What?! Our little trash pickin' set of Thanksgiving flatware is the same as those given to the Sultans of Oman! I don't know who they are, but it surely sounds prestigious. Wouldn't you agree? Why would one just toss this out with the coffee grounds?

How silly some people are.

Meanwhile, we still haven't finalized the dictionary debate.


An art nouveau fantasy...

I spent the last two days traveling for my day job, and one of my stops was an amazing 1905 bed and breakfast in Ludington, Michigan. The Cartier Mansion was spellbinding with 98% of its floors, walls, furniture, fixtures being original. Imagine my sheer ecstasy when I walked into the library and saw this:

Shut up! Shut. Up. The art history nerd in me was shining, still is shining. This is pure, classic art nouveau, hand painted at the turn of the century. This is a perfect example of Alphonse Mucha's style, the father of art nouveau (which, coincidentally, I was just discussing fervently not three nights ago), a perfect example from when it was reaching its zenith. The 1900 Universal Exhibition in Paris burst art nouveau onto the world scene. This is when it was happening!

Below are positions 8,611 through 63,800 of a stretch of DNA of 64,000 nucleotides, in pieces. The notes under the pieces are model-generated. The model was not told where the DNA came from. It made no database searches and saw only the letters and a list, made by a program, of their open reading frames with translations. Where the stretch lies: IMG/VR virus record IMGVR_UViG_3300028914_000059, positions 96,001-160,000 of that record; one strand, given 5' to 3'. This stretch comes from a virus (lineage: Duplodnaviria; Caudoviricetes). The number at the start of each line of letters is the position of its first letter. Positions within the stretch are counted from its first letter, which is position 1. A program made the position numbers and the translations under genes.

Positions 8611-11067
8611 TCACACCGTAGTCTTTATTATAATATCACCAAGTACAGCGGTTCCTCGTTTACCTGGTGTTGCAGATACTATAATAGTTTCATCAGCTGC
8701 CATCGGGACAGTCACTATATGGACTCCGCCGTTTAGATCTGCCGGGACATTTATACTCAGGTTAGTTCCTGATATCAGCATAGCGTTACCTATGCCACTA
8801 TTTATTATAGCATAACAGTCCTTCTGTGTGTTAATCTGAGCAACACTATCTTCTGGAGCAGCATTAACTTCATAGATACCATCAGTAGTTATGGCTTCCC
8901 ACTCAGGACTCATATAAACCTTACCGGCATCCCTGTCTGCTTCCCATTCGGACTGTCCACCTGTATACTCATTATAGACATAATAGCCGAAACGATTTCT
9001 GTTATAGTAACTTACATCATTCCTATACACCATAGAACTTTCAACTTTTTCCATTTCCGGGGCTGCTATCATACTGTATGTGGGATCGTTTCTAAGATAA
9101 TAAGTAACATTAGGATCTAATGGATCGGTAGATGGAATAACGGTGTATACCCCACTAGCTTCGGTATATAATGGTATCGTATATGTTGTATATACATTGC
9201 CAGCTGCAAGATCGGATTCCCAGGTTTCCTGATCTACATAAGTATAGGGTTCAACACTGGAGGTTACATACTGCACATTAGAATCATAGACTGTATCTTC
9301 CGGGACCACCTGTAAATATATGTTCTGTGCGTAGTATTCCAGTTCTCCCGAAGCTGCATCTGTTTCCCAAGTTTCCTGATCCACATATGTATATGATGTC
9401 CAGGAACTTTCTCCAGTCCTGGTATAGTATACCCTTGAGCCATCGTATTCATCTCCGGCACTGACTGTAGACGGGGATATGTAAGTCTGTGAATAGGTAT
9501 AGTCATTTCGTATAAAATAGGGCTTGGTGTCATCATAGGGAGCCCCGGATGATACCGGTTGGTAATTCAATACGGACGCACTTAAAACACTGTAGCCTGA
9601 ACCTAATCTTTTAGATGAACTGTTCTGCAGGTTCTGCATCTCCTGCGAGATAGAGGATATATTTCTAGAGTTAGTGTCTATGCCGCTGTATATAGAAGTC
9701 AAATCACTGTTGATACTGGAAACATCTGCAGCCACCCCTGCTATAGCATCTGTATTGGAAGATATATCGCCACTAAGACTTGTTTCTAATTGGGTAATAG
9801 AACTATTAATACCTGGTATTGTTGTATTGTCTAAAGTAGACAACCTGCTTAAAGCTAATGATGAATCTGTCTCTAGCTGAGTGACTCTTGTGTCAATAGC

I have this delicious fantasy that Mucha needed a break from Paris and his Sarah Bernhardt posters and retreated to the quiet lakeside town of Ludington on Michigan's west coast. He ran into the worldly Cartier family, constructing their masterpiece of a home. The Cartiers said "Hey, Alphonse, why not just do a little diddy in our library?" Then this master of design shrugged his shoulders and said sure, as he did not want to get rusty during his retreat...

There's an utterly dorky smile on my face right now. Over the past few years, I've become a Mucha/art nouveau superfan. I even painted a copy of his 1896 Summer for my dad for Christmas last year. Oh, her look is entirely mischievous. I just want to climb in all his paintings and roll around in them.